Sealing over the course of time

Reduce material waste and increase efficiency

The dispensing and application of sealant and sealing compounds in conventional aircraft construction is a complex process that can be significantly improved in many ways. In the  construction of aircraft in the early 20th century, seals in aircraft tanks or fuel lines, for example, were usually rubber sheets cut into shape. The introduction and development of aliphatic polysulfides by the Thiokol Chemical Corp. in 1928 laid the foundation for subsequent optimization. This material was first used in an aircraft tank from the US Air Force in 1941. The two-component sealants – often polysulfides with special properties such as low density, chemical resistance and fillers – opened up the possibility of designing complex track geometries whilst meeting the high demands of aircraft manufacturers.

The sealing technology in practice
The sealing technology in practice

Today there are a multitude of different sealing applications: Edge Sealing, Fillet Sealing, Cap Sealing or Interface Sealing for example. What applies in most cases, and is often seen in practice, is the following scenario: The operator with knowledge of the application uses the sealing material for the manual activity of sealing either premixed-frozen or 2-component cartridges. Standard 2-component cartridges (injection barrier cartridges) contain a pre-filled amount of resin and hardener. The mixing process causes resin and hardener to react in the cartridge and subsequently results in a total volume of the cartridge, e.g. 55 ml, 180 ml etc.

In many cases, however, this quantity is not sufficient. It is therefore not uncommon for half-full cartridges to be thrown away and the already cured material disposed of. The operator takes a new cartridge, the pot life starts again and before the material is used up, another cartridge is disposed of.

This process is easy to formulate:

Vcartridge-Qoperator*tpot life=Vdisposal
(V = volume [ml], Q = output quantity [ml/h], t = time [h])

With a 180 ml cartridge, a pot life of 2 hours and an operator output of 42.5 ml/h, this results in a 95 ml material waste. In this case it equates to 52 %. The value, only shown here as an example, gives a very realistic picture from practice. In simple language, this means that every millilitre of material is actually twice as expensive.

An automated solution for maximum material savings

The good news is that this situation also offers a great deal of potential for reducing costs by saving on material waste.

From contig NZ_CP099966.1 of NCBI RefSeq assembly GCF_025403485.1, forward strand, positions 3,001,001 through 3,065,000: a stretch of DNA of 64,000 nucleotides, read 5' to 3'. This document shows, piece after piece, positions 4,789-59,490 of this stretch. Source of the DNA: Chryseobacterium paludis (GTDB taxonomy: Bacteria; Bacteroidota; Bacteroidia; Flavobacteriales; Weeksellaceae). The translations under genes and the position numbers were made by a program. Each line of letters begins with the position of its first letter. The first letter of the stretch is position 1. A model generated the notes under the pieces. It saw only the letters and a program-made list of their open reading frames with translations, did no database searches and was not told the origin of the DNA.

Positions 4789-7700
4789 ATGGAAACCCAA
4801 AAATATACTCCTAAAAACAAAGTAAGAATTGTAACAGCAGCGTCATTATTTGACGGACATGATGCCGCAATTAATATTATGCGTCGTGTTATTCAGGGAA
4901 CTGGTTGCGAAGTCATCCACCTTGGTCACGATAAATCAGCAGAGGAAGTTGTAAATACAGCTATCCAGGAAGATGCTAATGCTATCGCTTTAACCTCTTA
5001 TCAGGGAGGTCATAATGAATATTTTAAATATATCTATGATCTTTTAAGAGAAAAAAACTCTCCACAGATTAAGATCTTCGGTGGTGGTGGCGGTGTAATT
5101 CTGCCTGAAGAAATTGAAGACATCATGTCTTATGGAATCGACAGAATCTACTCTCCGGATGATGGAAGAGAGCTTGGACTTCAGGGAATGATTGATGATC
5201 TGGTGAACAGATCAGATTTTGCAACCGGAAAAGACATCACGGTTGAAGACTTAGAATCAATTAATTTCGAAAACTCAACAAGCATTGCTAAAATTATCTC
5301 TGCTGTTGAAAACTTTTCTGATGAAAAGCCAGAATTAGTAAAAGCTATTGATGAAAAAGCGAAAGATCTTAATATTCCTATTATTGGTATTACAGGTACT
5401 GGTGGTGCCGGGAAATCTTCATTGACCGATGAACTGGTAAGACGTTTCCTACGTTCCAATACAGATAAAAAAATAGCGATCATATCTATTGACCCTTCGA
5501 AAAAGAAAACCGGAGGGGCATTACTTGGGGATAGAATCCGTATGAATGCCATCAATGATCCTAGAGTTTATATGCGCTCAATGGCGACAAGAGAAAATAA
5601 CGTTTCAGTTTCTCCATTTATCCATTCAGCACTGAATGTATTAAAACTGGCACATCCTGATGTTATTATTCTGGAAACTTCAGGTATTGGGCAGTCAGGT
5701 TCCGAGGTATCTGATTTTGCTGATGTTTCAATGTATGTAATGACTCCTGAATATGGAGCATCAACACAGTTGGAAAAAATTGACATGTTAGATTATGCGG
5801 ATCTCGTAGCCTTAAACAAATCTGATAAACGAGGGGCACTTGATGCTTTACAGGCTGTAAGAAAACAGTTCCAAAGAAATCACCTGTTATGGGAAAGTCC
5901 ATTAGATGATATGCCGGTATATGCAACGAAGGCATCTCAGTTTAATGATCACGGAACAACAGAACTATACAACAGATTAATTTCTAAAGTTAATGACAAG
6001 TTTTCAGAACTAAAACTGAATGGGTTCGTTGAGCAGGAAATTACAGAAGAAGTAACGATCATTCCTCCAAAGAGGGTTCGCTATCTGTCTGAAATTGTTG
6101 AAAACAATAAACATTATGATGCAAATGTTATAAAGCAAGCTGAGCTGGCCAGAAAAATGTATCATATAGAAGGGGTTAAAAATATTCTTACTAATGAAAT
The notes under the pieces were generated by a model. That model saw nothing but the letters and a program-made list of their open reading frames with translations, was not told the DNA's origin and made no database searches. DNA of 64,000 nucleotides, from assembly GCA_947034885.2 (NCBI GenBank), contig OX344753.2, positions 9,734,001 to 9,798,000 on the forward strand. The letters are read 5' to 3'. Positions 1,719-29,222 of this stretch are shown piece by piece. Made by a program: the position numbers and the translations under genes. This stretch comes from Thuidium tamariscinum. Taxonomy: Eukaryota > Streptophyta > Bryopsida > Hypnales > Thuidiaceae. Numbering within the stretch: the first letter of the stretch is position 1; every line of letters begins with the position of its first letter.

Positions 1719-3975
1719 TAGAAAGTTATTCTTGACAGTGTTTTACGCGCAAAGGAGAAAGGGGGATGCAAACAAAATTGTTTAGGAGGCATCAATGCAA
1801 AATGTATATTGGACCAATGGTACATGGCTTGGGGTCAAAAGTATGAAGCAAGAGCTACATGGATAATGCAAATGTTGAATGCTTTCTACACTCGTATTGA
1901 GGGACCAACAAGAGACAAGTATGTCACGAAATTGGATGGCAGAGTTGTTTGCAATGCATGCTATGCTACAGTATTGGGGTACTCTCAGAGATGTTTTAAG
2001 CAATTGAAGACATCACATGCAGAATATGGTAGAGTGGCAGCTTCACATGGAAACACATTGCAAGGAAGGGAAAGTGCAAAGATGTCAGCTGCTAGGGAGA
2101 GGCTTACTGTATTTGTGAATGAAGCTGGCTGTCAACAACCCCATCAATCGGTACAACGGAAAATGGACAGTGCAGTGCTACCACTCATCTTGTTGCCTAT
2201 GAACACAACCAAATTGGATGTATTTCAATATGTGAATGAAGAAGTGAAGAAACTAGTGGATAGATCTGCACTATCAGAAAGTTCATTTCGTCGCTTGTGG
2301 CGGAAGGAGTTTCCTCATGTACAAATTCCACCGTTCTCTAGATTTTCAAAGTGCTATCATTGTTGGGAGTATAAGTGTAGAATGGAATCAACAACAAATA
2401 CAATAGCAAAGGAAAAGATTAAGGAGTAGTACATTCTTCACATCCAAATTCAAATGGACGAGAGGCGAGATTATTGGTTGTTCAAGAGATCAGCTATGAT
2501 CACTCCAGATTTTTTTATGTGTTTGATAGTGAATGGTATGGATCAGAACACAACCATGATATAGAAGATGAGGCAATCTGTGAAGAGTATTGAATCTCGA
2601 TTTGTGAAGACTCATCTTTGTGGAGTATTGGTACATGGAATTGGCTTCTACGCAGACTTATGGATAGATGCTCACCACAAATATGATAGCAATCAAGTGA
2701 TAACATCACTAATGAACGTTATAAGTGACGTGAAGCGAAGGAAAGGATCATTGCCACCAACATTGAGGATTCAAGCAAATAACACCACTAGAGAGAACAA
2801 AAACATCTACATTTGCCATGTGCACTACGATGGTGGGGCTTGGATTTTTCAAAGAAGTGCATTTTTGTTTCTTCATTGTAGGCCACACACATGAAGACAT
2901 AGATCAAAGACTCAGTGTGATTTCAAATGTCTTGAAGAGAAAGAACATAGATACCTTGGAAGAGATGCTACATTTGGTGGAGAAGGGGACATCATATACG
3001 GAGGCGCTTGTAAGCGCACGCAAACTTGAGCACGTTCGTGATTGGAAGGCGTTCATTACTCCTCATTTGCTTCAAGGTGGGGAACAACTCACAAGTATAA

With the help of ViscoTec’s automated solution, the two materials to be dosed can be purchased separately in larger containers and mixed as required. Two emptying systems remove component A and component B from these large containers. The 2-component dispenser vipro-DUOMIX mixes the two materials and doses an individually adjusted quantity into the cartridge. It ensures that only the amount of material needed at any one time is mixed and filled in.

Left: Frequent practice; Right: ViscoTec solution (variable depending on application or dispensing material)

Without changing the actual application technique (still carried out manually), the material can be individually mixed and dosed by means of a filling station. This not only reduces material waste but does so to a minimum. Purchasing conditions are also significantly improved through material procurement via large containers (e.g. 20 litre pail). In addition, both the logistical effort and the environmental impact are reduced. Simply put: More benefits and less effort without changing the overall process.

An example of a ViscoTec filling station

ViscoTec filling stations are always customized to the material to be dosed. High precision and gentle material dispensing are the key to meeting the high requirements of the aerospace industry and the specifications associated with it. Relevant tests and practical reports have proven this many times. There is no doubt that filling stations can also be used for materials other than those used for sealing.

Automation costs money. Automation is time consuming. Automation is not worth it then?

Automation of a sealing process must always be considered and evaluated on a case-by-case basis. In most cases, however, automation can save you plenty of money. By a comparably small change to the process.

It is time for a change, if it is profitable to do so.

Do you have any questions?